www.casa0101.orgSocial Media:CASA 0101 Theater:
Twitter, Instagram @CASA0101,
Facebook@CASA0101Theater. To Be Dalí Play:
CASA 0101 is dedicated
to providing inspiring theater performances, art exhibits and educational
programs to Boyle Heights, thereby nurturing the future storytellers of Los
Angeles who will someday transform the world.
CASA 0101 was founded by Josefina Lopez, author
of Real Women Have Curves, in
2000 to fulfill
her vision of bringing art and live theater programs to the community. She grew
up in Boyle Heights.
FOR IMMEDIATE RELEASE PRESS CONTACT: Angelita Moraga
21, 2005 562-293-7619
PROMOTES NON-VIOLENCE BY PUTTING “HAMLET IN THE HOOD”
Big H…. Lil’ H…. Trudy… Jorge… Larry-all cast members in a teen play
that takes Hamlet to the “Hood” where he must struggle to choose the
right path despite the murder of his father, trouble with his girlfriend
and the prospect of living with a stepfather whom he resents.
in the Hood” will be performed as a dinner theater on Thursday,
December 8, 2005,
from 6 p.m. to 9 p.m., at the Alternatives, Inc.
Youth Center, 4730 N. Sheridan Road. The menu includes Soul Food and
Mexican entrees. Admission is free, but reservations are required by
e-mail to firstname.lastname@example.org
or by phone to 773-506-7474, ext 220, by December 1, 2005.
“Hamlet in the Hood” is the creation of Senn High School students who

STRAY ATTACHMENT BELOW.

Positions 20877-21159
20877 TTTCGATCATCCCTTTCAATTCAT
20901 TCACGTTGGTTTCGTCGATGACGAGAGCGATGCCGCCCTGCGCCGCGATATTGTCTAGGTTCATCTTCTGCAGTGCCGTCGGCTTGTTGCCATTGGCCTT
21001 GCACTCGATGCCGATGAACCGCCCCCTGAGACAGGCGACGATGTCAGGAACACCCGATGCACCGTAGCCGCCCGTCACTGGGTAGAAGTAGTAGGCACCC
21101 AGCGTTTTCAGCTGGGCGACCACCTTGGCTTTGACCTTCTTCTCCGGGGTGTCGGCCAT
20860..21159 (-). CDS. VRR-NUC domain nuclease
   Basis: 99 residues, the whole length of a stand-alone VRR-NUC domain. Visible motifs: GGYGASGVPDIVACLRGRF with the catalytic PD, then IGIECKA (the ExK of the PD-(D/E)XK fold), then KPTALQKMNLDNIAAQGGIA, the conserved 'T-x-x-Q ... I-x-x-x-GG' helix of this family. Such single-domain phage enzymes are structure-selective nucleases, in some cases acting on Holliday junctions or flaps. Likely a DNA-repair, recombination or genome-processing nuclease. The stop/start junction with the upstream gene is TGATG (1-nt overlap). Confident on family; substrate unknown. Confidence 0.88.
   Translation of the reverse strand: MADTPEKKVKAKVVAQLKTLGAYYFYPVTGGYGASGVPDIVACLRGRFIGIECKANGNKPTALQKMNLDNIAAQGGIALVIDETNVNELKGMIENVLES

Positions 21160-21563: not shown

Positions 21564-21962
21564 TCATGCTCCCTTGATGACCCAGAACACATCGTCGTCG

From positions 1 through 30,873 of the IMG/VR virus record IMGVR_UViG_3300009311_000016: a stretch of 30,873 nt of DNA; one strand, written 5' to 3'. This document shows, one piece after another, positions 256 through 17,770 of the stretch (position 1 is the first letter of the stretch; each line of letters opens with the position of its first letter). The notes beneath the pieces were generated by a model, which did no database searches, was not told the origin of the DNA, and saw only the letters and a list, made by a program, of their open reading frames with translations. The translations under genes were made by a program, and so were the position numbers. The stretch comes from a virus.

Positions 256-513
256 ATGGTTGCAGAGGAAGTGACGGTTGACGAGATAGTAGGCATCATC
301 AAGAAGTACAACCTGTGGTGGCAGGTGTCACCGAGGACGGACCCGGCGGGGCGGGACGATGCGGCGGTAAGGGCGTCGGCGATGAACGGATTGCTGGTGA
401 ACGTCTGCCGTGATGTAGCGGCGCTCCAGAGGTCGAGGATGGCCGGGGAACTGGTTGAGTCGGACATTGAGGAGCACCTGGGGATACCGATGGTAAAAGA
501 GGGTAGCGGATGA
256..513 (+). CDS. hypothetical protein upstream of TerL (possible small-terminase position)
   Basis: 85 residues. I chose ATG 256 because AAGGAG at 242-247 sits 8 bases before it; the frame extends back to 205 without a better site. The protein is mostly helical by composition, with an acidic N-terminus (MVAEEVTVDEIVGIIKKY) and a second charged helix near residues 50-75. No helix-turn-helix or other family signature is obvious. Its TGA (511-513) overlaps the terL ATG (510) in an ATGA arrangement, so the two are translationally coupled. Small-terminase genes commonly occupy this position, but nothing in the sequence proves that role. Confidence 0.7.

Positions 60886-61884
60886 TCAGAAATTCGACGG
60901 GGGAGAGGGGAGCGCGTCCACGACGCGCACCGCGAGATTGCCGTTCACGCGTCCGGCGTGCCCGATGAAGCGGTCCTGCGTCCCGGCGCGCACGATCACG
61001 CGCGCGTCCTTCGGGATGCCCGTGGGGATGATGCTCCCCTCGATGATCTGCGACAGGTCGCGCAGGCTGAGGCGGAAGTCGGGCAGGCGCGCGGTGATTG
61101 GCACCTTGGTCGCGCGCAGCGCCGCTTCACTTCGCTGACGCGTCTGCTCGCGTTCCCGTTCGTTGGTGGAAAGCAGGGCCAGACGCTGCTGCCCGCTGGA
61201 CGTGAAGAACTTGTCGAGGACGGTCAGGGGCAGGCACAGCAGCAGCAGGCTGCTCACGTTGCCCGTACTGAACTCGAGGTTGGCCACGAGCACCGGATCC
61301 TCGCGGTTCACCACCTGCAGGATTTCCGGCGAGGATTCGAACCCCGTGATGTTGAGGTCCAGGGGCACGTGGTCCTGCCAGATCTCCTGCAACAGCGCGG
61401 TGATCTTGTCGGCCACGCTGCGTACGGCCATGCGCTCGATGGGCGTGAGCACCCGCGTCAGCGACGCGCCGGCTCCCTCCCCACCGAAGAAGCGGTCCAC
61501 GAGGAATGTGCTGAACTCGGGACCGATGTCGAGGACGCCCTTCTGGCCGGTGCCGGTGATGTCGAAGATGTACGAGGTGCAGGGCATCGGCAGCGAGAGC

participate in Alternatives, Inc.’s programs for youth. The teens wrote a
successful grant proposal to the Illinois Violence Prevention Authority
and received a $5,000 grant to produce the project. The Authority
awards money yearly to creative youth-driven projects that promote
non-violence in their community.
“A lot of kids are going
through the same things Hamlet went through,” says Alan McDuffy, 18,
student director and co-writer. “Not getting along with their
girlfriend, not having their fathers, death in the family, someone not
liking you. The message we are intending to deliver is that dealing with
these things through violence doesn’t solve the problem. It actually
makes it worse.”
“Hamlet in the Hood” is an urban
rendition of Shakespeare, which sprinkles drama with hip comedy, break
dancing and Hip-hop. Hamlet raps his soliloquies and asks the audience
for their take on his plight. This version has two endings. The first
conforms to Shakespeare’s original plot; the second is a “rewind” or
“what if” take.
“If we’re going to show non-violence
we have to do it in a way the audience can relate to,” McDuffy says. “If
you show it in the old form, they won’t pay attention.”
“Hamlet in the Hood” is cast with students from area high schools,
including Senn High School, Uplift Community School and Amundsen High
School, as well as youth participating in Alternatives’ Juvenile Justice
Diversion Program for first-time offenders.
Although the play is the first for the student scriptwriters, they have
big plans for the production: They hope to take their “Hamlet” on the
road to other high schools in Chicago and the Midwest and possibly make a
movie version. Already, they have received positive feedback from
community directors who have read the play and have years of experience
“It’s a brilliant concept and
well-written play,” says Michael O’Rourke, artistic director of Scrap
Mettle Soul, a community performance group in Uptown, Edgewater and
Ravenswood. “I’m very impressed. This has a lot of potential.”